When push blade 36 is withdrawn from slot 30, slide stack 40 is indexed forwardly (upwardly in the drawings) by a spring-loaded plunger 42 which extends through an opening 44 in the rear (or bottom) wall of the container to push against a stack positioning element 45. The slide stack rests on a pair of rails 46 and 48 of the stack positioning element. As element 45 moves forwardly toward the dispensing station of container 10, a pair of anti-backup member ratchet pawls 50 and 52 engage successive teeth of ratchet teeth sets 54 and 56 respectively to inhibit movement of the slides away from the dispensing station of container 10 should the container be removed from the analyzer nest after some but not all of the slides have been dispensed therefrom. Upon removal of the container, plunger 42 is withdrawn from opening 44 so that only the ratchet means keeps the slide stack from becoming disoriented.
Accordingly, the ratchet pawls are mounted on flexible, resilient arms 58 and 60 which bias the pawls into engagement with teeth 54 and 56 respectively with sufficient force to maintain such engagement when subjected to a reasonably expected amount of jarring. However, any lateral force applied to the ratchet pawls by arms 58 and 60 must be overcome by push rod 42 to move the slide positioning element forwardly in the container.
As previously mentioned, it is desirable to keep the spring force urging plunger 42 forwardly to a minimum. Accordingly, the present invention provides means for decreasing the lateral force applied to the ratchet pawls when plunger 42 pushes against the stack positioning element, while permitting the maximum lateral force to be applied when the container is not received in the nest of the analyzing apparatus.
Referring to FIG. 5, a partial cross-sectional view of stack positioning element 45 and one of the container walls shows the cooperation between ratchet pawl 52 and ratchet teeth 56 when the container is removed from the analyzer apparatus. Pawl 52 is urged by flexible arm 60 into the space between the teeth to prevent downward movement of the stack positioning element. The lateral force of arm 60 pushing pawl 52 into engagement with the ratchet teeth is sufficient to prevent the pawls from being jarred from the ratchet teeth during handling.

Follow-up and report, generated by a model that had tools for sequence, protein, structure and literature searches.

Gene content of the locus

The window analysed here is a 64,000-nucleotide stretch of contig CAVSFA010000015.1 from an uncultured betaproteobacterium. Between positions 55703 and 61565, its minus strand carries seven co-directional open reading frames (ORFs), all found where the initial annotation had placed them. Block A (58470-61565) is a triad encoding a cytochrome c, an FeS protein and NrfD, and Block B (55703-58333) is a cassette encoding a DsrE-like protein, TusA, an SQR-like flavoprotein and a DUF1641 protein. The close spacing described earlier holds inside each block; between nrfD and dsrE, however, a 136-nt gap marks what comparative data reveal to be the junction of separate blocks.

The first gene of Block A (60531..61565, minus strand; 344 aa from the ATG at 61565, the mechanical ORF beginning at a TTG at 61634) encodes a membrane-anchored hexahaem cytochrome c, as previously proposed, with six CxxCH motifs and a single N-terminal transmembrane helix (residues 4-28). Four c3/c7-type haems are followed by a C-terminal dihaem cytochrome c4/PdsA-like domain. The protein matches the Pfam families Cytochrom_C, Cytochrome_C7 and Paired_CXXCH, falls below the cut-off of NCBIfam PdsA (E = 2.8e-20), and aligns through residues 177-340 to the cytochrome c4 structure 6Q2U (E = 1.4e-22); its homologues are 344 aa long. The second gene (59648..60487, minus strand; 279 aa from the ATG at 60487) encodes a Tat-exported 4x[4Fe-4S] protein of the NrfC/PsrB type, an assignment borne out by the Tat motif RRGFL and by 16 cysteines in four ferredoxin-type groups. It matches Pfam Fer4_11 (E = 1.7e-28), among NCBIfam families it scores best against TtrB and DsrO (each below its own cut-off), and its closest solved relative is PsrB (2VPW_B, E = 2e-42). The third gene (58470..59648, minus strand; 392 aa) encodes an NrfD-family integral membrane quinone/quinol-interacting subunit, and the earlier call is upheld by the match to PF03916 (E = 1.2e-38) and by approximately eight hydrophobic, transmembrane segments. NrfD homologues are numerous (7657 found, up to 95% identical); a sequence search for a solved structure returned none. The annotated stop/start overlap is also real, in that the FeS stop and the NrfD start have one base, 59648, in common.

A hollow cup-shaped member 62 (for storing desiccant) forms a part of stack positioning element 45 and is attached to flexible arms 58 and 60 by a pair of webs 64 and 66 extending from the top of the cup member to the lower ends of arms 58 and 60, respectively. When container 10 is inserted into a nest so that a plunger 42 enters the container through its bottom opening 44, the plunger resiliently pushes against the bottom of cup-shaped member 62. Since rails 46 and 48 rest against the bottom of slide stack 40, the main body of the stack positioning element cannot move upwardly in the container until slides are dispensed. However, cup 62, which is attached to the main body of the positioning element by arms 58 and 60 and webs 64 and 66, is free to move relative to the main body through flexing of arms 58 and 60.
The result of this movement (somewhat exaggerated for clarity) is shown in FIG. 6. Note that plunger 42 has pushed cup 62 upwardly relative to rail 46. Arm 60 has flexed and pawl 52 has moved somewhat out of the space between ratchet teeth 56. Now, as slides are removed from the container, teeth 50 and 52 offer less resistance to upward movement of stack positioning element 45. Therefore, the spring pressure exerted by plunger 42 may be less than would be required if the lateral force on pawls 50 and 52 was not reduced.
When the container is removed from the analyzing apparatus, cup 62 once again returns to its FIG. 5 position relative to rails 46 and 48 so that pawls 50 and 52 are pressed into the recesses between the ratchet teeth and the possibility of the pawls being jarred from the teeth is decreased. It should be noted it is not necessary for pawls 50 and 52 to move entirely out of the spaces between teeth 54 and 56 to reduce the resistance to upward movement of stack positioning element 45 when force is applied to the element to move it toward the dispensing station of container 10.
The invention has been described in detail with particular reference to a preferred embodiment thereof, but it will be understood that variations and modifications can be effected within the spirit and scope of the invention.
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|U.S. Classification||221/226, 422/65, 422/401|
|International Classification||B65D83/04, B65D83/08, G01N35/00|
|Cooperative Classification||G01N35/00029, B65D83/0823, B65D83/0805, G01N2035/00089|
|European Classification||B65D83/08B1B, B65D83/08B, G01N35/00C|
|Apr 28, 1995||AS||Assignment|
Owner name: CLINICAL DIAGNOSTIC SYSTEMS INC., NEW YORK
Free format text: ASSIGNMENT OF ASSIGNORS INTEREST;ASSIGNOR:EASTMAN KODAK COMPANY;REEL/FRAME:007453/0348
Effective date: 19950118